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The Daily Tar Heel

Column: What my 6,994-day streak of no Snapchat has taught me about communication addiction

Photo courtesy of Denis Charlet/AFP via Getty Image/TNS.

I used to think streaks were just the marks on an unwashed dinner pan that my dad forgot to clean. Then, I got to middle school and saw kids snapping and chatting all around me on an obnoxiously colored yellow app with a riveting, mind-blowing name: Snapchat.

My anti-Snapchat villain arc started in middle school and continued throughout high school. This hatred doesn’t come from a place of arrogance; the main problems with Snapchat is it’s highly addictive nature that contributes to the damaging the way young people communicate through its features like streaks. Just like we can be addicted to alcohol, caffeine and other drugs, we can be addicted to communication.

According to the Western Missouri Medical Center, social media platforms are designed to addict. With an increased reliance on social media for the release of the pleasure hormone dopamine, apps like Snapchat are molding modern communication into a practice that’s heavily digital and requires immediacy.

For younger kids, other features like disappearing chats and temporary photos create prime conditions for cyberbullying and child predation. The app also caters towards and continues to deepen the rising problem of short attention spans.

A study in the National Library of Medicine found that the increase of social media usage among children is associated with decreased language scores and speech delays. It urged electronic use to be delayed until later stages of development and found that educational apps correlated with stronger language skills. It also discovered that parents’ more frequent use of electronic devices with kids correlates to lower grammar and vocabulary skills, and less frequent reading.

The overarching pattern of communication among college students is social media and the internet, or further than that, the use of phones. I’d argue that the take-over of phones is the deeper root of social media addiction because the modern, unspoken requirement of needing a phone fuels the urge to be chronically online.

Almost everyone I know has Snapchat. It links people of our generation together. People make school group chats on it, use its fun filters, and for some, it’s their main way of communication with friends. It’s more casual than texting and can foster friendships with people who would otherwise be acquaintances. Others have told me they merely have it to keep funny middle school memories and awkward relics of themselves — its “Flashback” feature showing memories from years past allows it to also function as a time capsule.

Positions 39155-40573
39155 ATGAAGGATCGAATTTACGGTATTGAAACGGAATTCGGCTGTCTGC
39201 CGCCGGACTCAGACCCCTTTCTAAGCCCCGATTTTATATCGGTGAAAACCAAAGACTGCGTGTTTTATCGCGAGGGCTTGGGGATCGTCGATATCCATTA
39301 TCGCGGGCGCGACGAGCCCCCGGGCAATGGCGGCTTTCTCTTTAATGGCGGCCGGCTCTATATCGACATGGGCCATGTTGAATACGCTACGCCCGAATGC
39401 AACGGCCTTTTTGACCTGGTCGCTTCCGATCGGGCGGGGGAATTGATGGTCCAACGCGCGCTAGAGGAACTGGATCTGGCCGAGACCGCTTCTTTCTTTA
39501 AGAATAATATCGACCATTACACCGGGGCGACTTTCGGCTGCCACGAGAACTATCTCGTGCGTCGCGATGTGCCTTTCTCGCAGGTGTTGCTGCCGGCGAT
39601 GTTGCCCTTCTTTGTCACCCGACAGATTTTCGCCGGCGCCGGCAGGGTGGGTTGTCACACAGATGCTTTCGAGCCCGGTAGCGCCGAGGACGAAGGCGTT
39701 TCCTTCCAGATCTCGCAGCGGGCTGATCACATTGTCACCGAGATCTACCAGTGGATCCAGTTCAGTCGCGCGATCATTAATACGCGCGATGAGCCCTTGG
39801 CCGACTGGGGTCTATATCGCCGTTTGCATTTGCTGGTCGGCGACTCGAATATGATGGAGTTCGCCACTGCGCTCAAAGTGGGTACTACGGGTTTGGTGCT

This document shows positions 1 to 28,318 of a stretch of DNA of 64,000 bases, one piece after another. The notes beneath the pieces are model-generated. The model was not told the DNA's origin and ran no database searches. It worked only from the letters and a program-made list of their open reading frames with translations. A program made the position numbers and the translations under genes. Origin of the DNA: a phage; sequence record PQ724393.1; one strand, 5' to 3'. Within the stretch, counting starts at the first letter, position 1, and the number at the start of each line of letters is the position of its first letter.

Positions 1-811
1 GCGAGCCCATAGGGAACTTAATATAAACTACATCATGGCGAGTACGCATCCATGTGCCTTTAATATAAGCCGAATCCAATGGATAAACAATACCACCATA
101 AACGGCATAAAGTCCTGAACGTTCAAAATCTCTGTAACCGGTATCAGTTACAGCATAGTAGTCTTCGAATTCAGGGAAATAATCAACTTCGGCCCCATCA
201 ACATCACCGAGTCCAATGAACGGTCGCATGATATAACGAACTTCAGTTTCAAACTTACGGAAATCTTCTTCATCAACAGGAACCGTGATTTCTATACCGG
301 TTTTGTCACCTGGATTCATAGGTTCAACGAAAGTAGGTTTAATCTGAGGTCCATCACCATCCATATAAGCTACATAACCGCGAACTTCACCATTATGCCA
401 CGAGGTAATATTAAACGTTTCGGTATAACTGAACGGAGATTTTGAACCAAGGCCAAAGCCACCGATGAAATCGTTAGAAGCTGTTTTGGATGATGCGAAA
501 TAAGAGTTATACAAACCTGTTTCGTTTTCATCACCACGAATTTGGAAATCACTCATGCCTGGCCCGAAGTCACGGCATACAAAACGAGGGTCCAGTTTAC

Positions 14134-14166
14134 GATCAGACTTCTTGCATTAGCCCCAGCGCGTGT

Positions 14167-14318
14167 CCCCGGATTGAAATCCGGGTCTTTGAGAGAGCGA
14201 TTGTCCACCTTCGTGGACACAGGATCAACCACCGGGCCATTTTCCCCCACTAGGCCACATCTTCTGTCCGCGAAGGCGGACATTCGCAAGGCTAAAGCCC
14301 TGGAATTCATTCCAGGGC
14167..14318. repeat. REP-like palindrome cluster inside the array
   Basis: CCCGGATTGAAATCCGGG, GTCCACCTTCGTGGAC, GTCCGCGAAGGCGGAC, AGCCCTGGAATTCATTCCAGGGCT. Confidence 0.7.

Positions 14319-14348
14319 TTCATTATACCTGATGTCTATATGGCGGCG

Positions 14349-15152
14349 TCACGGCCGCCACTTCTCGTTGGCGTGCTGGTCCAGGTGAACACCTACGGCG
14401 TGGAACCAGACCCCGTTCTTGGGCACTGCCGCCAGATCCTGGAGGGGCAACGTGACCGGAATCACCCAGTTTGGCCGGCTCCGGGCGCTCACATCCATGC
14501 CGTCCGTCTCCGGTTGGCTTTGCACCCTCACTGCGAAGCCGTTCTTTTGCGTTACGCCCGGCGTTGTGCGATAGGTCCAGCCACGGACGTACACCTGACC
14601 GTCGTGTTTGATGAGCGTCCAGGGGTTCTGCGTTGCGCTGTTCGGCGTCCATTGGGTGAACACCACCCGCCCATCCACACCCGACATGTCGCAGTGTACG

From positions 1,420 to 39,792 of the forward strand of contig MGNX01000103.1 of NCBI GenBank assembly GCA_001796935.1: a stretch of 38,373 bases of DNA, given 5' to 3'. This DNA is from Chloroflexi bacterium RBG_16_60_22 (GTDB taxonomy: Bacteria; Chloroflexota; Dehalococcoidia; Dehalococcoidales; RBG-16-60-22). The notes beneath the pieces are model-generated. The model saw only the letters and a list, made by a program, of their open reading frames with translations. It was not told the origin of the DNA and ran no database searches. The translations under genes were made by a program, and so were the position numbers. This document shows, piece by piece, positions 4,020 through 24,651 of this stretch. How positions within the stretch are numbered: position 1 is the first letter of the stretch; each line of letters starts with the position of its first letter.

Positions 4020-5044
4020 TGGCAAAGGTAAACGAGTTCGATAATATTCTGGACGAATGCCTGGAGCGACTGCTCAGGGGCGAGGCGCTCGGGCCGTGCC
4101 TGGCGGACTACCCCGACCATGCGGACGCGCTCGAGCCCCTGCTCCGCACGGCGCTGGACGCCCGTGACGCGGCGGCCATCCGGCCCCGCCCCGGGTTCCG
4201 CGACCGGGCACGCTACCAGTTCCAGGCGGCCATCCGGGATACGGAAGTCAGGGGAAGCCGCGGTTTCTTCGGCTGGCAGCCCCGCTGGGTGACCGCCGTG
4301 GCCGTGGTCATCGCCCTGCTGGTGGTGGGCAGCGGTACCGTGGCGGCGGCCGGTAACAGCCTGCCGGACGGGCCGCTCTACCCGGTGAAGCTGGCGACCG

With middle and high school behind us, how we communicate in college is unique. Generally, most people seem to use Snapchat for day-to-day, casual conversations, and text messages for closer friends. Instagram DMs are for flirting (and creeps), and nobody uses Facebook Messenger. GroupMe is used for organizations, clubs and Greek Life, and TikTok messages relay humor.

While we have a plethora of different apps for different types of communication, generations before us who went to college had to chat in person. Though we live in a very different world on changed campuses, the raw communication style of face-to-face conversation is still the only type of communication that is absolutely necessary. Texting, FaceTiming, snapping, DMing and even sending a letter via dove is just fluff.

Demonizing the use of social media won’t solve our problem of communication deterioration. Becoming more literate in social media and practicing modesty on our phones is more effective than attempting to ban or delete social media forever. Our fast-paced, advanced communication modes have uncountable advantages. We should be more mindful about how often and how much we rely on social media for basic communication, and take a step back from the snaps. There’s a lot more out there to focus on preserving instead of maintaining streaks.


@dthopinion |

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